Priscilla Chan and The Future of Inclusive Philanthropy

Priscilla Chan and Mark Zuckerberg visiting Mexican President Enrique Pena Nieto in 2014. (cc:2.0)

She’s young, she’s highly educated, and she likes to be involved in funding strategy  — all traits that suggest Priscilla Chan will be making an enormous impact on philanthropy over the next decade and beyond.

“Chan is a hands-on leader of Chan-Zuckerberg Initiative (CZI), taking charge of many of the day-to-day operational details of scaling up a large philanthropic enterprise,” David Callahan recently told me. Callahan is founder and publisher of Inside Philanthropy, and interviewed Chan for his new book, The Givers, due out in April 11th.

“Chan has spent all of her adult life as a front-line practitioner working with vulnerable families, and brings that mindset and experience to CZI,” observed Callahan. “You can see that most recently in the new housing initiative to stop low-income families from being displaced in Silicon Valley.”

Priscilla Chan is only getting started on her philanthropy journey, and yet some of ways she is doing things suggest a very different trajectory for the future. While Melinda Gates, at about age 50, arrived at a more defined plan to make gender equity central to her work, we don’t know yet where gender equality will land in Priscilla Chan’s list of priorities. In the video below, she credits Ruth Bader Ginsburg as her feminist role model, which suggests she takes seriously the progressive agenda for women, including access to health care and contraception, and equal pay for equal work.

It All Hinges on Inclusiveness  — and That’s Where Feminism Comes In

The Chan-Zuckerberg vision of a better world appears to be strongly aligned with the feminist philanthropy agenda of inclusiveness and equality.

“Could we build more inclusive and welcoming communities?” asks Zuckerberg, in this video with Chan in which he talks about his “basic moral responsibility” to make investments that will move us toward this more inclusive community.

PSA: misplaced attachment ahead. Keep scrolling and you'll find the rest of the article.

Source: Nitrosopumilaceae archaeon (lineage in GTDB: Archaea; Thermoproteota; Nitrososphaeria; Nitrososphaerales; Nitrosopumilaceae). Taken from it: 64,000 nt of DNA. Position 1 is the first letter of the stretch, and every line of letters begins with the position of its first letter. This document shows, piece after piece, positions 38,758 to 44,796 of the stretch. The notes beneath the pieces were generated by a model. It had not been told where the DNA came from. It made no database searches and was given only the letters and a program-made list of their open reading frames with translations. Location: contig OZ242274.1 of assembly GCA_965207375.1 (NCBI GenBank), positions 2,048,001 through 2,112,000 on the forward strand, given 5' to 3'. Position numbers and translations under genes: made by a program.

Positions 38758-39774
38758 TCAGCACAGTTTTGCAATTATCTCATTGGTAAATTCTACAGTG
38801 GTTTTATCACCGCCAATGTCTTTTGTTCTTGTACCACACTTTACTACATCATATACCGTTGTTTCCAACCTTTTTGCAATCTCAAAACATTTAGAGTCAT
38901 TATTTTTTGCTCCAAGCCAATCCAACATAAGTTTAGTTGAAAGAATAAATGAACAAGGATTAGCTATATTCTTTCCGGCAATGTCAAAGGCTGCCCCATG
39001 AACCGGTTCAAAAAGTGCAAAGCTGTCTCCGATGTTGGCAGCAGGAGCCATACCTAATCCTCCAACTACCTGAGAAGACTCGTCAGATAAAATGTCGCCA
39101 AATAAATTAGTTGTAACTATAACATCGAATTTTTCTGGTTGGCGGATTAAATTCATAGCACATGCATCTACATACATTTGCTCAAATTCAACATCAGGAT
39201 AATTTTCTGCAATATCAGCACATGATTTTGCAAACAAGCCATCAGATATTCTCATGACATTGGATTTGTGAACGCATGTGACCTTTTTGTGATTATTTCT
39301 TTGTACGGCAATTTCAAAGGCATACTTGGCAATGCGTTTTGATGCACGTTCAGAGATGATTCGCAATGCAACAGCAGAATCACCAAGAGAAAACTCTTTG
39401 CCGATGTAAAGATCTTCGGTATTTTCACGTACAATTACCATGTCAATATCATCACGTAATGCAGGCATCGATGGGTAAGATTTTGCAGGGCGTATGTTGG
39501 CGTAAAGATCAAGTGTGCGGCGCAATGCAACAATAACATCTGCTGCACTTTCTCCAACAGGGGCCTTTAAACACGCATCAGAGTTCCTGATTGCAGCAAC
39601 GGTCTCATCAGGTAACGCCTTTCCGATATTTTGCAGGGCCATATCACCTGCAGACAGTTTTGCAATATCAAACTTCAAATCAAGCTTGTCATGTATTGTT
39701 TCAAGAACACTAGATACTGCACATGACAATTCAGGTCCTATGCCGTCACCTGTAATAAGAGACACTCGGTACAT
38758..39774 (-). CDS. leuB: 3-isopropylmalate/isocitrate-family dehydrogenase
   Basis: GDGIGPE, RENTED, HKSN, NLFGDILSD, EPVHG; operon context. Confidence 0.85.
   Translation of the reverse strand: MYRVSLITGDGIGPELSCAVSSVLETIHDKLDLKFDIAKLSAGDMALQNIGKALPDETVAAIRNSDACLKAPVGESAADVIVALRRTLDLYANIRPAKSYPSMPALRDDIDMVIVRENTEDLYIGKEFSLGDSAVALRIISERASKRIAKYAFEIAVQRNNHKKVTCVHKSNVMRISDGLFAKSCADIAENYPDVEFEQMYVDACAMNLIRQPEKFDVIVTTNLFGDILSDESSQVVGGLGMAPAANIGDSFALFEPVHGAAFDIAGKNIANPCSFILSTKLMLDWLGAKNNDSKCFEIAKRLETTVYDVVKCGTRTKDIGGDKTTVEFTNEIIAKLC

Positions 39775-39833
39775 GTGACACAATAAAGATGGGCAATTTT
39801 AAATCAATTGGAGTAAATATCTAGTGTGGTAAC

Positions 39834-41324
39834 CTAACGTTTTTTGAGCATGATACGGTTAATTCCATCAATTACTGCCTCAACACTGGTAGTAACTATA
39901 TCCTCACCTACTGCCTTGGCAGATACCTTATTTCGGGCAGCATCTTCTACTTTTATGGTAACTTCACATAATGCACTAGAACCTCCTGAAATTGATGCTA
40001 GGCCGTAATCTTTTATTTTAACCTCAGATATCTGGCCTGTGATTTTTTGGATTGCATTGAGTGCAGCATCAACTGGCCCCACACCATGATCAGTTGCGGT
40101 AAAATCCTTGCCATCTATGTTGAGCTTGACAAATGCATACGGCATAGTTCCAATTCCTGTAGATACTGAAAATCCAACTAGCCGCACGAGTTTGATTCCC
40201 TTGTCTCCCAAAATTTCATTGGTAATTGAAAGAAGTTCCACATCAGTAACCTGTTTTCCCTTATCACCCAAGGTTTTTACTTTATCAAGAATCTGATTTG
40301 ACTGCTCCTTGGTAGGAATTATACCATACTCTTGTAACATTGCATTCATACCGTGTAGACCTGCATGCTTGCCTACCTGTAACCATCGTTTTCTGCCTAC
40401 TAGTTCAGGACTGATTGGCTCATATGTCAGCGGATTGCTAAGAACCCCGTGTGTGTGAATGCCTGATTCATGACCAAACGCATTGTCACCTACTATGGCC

Helen LaKelly Hunt, longtime funder of women’s philanthropy and seed investor in the New York Women’s Foundation, the Dallas Foundation, and the Women’s Funding Network, also thinks Priscilla Chan is bringing something new — and important — to philanthropy: the ability to be more relational in strategic planning.

“Priscilla and Mark are modeling strategic philanthropy – not just in terms of how the funds land, but in how they are doing philanthropy. They are doing it in a relational way,” said Helen LaKelly Hunt, in a recent  interview with Philanthropy Women. Helen is author of the forthcoming title, And the Spirit Moved Them, due out on April 17th, which tells the lost history of feminism’s earliest roots — finding that racial equality as well as gender equality were on the original agenda of the earliest suffragettes.

“There is great power in unleashing your money into the world toward cultural transformation. Priscilla and Mark are doing this in a way that it is also transformational, and radical – they are doing it together in partnership,” emphasized Hunt.

“Funding in partnership is not always easy, but the union of perspectives make for a richer outcome, and more vital and effective work,” added Hunt, who, along with her husband Harville Hendrix, created Imago Couples Therapy and have recently launched a new initiative to help couples called Safe Conversations.

In the interview at Forbes 2016 Women’s Summit, Priscilla described how Mark helps her stay focused on goals, and she plays a complementary role for him by giving him the context of real world people encountered as patients or students.

“I force him to learn more about — what’s the context? What are we trying to do? Who are the people involved? What are the cultures that we are trying to work with? How can we learn more from the people already doing the work?”